The battle between Abigail Noel Fisher and the University of Texas at Austin continues with opposing views about where the case should go next.
In the past week, both sides filed replies in the U.S. 5th Circuit Court of Appeals. In those replies, filed July 29 by UT, and Aug. 1 by Fisher, the two sides each responded to each other’s arguments about where the U.S. Supreme Court, when on June 24 it remanded Fisher v. UT to the circuit court, intended for the potentially precedent-setting affirmative action litigation to land.
The options areto the appellate court for a ruling on the constitutionality of UT’s admissions policy, or to the district court for further development of the evidentiary record.
Fisher, a white woman who was rejected after applying to UT in 2008, alleged that the school violated her constitutional rights by using race as a factor in in its admissions process. The federal district court granted summary judgment in favor of the university.
On June 24, the Supreme Court vacated the 5th Circuit’s 2011 decision that upheld the school’s use of race as a factor in admissions. Justice Anthony Kennedy wrote for the 7-1 majority that the 5th Circuit “did not hold the University to the demanding burden of strict scrutiny articulated” in previous court decisions as governing race-based admissions.
In the June 24 order, the high court wrote: . . . [T]he case is remanded to the United States Court of Appeals for the Fifth Circuit for further proceedings consistent with the opinion of this Court,” and noted that Fisher recover $21,865.01 for the costs of printing of the record and the clerk costs.
In its July 29 reply concerning further proceedings on remand, UT defendants argue: ” . . . [G]etting the benefit of the District Court’s analysis would only aid this Court in reassessing the case. . . . Having the District Court reconsider the case in no way prevents this Court from doing so. To the contrary, it would put this Court in a better position to do so because an appellate court always benefits from having the lower court’s analysis in taking up an issue.”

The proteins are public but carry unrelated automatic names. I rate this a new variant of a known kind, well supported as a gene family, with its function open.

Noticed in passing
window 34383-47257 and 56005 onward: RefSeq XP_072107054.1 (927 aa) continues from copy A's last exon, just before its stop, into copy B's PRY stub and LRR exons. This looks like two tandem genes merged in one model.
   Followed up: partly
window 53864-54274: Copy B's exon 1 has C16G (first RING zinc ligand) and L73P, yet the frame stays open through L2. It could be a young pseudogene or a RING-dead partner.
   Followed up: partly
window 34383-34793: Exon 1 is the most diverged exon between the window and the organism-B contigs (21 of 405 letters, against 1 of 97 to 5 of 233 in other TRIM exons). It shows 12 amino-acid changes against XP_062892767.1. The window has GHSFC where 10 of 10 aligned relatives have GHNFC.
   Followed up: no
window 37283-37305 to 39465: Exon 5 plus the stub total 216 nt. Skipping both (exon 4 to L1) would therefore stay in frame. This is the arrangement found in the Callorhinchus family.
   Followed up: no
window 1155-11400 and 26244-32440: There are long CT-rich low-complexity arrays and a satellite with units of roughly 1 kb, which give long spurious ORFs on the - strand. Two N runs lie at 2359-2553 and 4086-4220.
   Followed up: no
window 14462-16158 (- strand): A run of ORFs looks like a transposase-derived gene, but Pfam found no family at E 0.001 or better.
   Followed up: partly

But in contrast, in her appellant’s reply in support of proposed schedule for supplemental briefing, Fisher argues: “The Court should reject Appellee University of Texas’s (‘UT’) proposal to extend and expand the remand proceedings. Appellant proposed supplemental briefing to ensure fairness to all parties under a schedule ensuring prompt resolution of a case that now has been pending for over five years.”
The high court did not explicitly say that the case could return to the district court, therefore it should not, Fisher argues.
“When the Supreme Court gives the court of appeals discretion to decide an issue itself or remand to the district court, it says so,” her reply states.
Bert Rein, a partner in the Washington office of Wiley Rein, who represents Fisher, declines to comment about the case, referring to the recent filing. Gregory Garre, a partner in the Washington office of Latham & Watkins, who represents UT and officials, didn’t immediately return a call to his office.
Gary Susswein, a spokesman for UT, writes in an email that the school will let its filings speak for themselves. But in response to a question about its lawyers, Susswein writes: “We have renewed Latham [&] Watkins’ contract for six months, after which we will reassess based on whether the case is continuing or has been resolved. We are paying them $250,000 for the next six months on top of the approximately $987,000 we have paid them to date.”